Parco Nazionale del Gran Sasso
e Monti della Laga
The real draw to this part of Abruzzo is the surrounding natural landscape with amazing biodiversity... flora, fauna, waterfalls and gorges. Gran Sasso e Monti della Laga National Park covers an area of 580 square miles and is one of the largest parks in Italy. It offers skiing, trekking, mountain biking, horseback riding, mountain climbing, paragliding and more. In addition, from June through October there are over 200 festivals and sagre (food festivals), so your culinary and cultural apetite will surely be satisfied.
The Park consists of three mountain groups: Gran Sasso d'Italia chain, Laga massif, and Gemelli Mountains. The Park is also characterized by the presence of the highest peak of the Apennines, Corno Grande at nearly 10,00 feet tall. The most southern glacier in Europe is located here too--the Calderone. Trekkers might be surprised by the prescence of the Osservatorio di Campo Imperatore, a telescopic observatory high up on a mountaintop along with its own botanical garden. In the town of Fonte Cerreto, there is a large funivia (cable car) to take you up to the top of the mountain.
Bottom line... if you love mountains, nature and back country activities, a visit to the Park and Calascio will be a great alternative to the "must see" tourist site in Italy.
Palmanova is located in the Friuli-Venezia Giulia region in northeastern Italy, about 70 miles east of Venice. The town is protected inside its massive star-shaped fortress walls, a wonderful example of this type of the Late Renaissance fortressa built by the Venetian Republic in 1593. The fortifications were included in UNESCO's World Heritage Site list in 2017.
The unique thing about Palmanova is that the entire town and expansive piazza was designed and built within the shape of a nine-pointed star fortress, designed by Vincenzo Scamozzi. Between the points of the star, ramparts protrude so that the points could defend each other from attacking forces.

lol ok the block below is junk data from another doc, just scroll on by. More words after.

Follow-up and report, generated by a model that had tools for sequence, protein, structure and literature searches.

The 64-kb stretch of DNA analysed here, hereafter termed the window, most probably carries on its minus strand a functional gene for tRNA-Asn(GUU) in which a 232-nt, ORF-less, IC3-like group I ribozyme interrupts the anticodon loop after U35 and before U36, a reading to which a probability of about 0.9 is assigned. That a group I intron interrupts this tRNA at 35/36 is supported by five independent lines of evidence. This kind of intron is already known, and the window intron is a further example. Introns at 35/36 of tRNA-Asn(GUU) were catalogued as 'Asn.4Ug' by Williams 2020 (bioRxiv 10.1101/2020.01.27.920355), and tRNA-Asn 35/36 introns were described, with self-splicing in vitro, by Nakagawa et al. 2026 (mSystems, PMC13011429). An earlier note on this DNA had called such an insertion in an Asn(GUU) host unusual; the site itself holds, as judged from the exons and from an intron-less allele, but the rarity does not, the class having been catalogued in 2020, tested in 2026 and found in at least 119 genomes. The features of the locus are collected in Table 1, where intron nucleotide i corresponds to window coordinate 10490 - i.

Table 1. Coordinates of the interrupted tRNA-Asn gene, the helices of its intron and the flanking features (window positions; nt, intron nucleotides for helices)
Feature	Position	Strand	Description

A moat surrounded the town with three large, guarded entry gates. The construction of the first circle, with a total circumference of 4 miles, took 30 years. A second phase of construction took place between 1658 and 1690, and the outer line of fortifications were completed between 1806 and 1813 under the Napoleonic domination. The final fortress consists of: 9 ravelins, 9 bastions, 9 lunettes, and 18 cavaliers.
Since Palmanova was built during the Renaissance, its design fit in extremely well with Thomas More's social philosophy of a Utopian society. The Utopian concept requires geometrical harmony in the design public spaces, supposing that if the living space was protected from harm, plus offered esthetic beauty, comfortable public and residential spaces, and a pleasant place to live, its citizenry will be healthy, successful and content. Think of it as being the Renaissance's idea of Feng Shui.
Each road and street were carefully calibrated and each part of the plan had a reason for being. Each person would have the same amount of responsibility, living or working space, and each person had to serve a specific and balanced purpose. Even the fortifications were built with the Utopian concept in mind, with the outer ramparts looking simply like a forest as the town was approached, essentially hiding the town from potential enemies. This effect is still evident today in stark contrast to the very visible hill towns common in most other regions of Italy.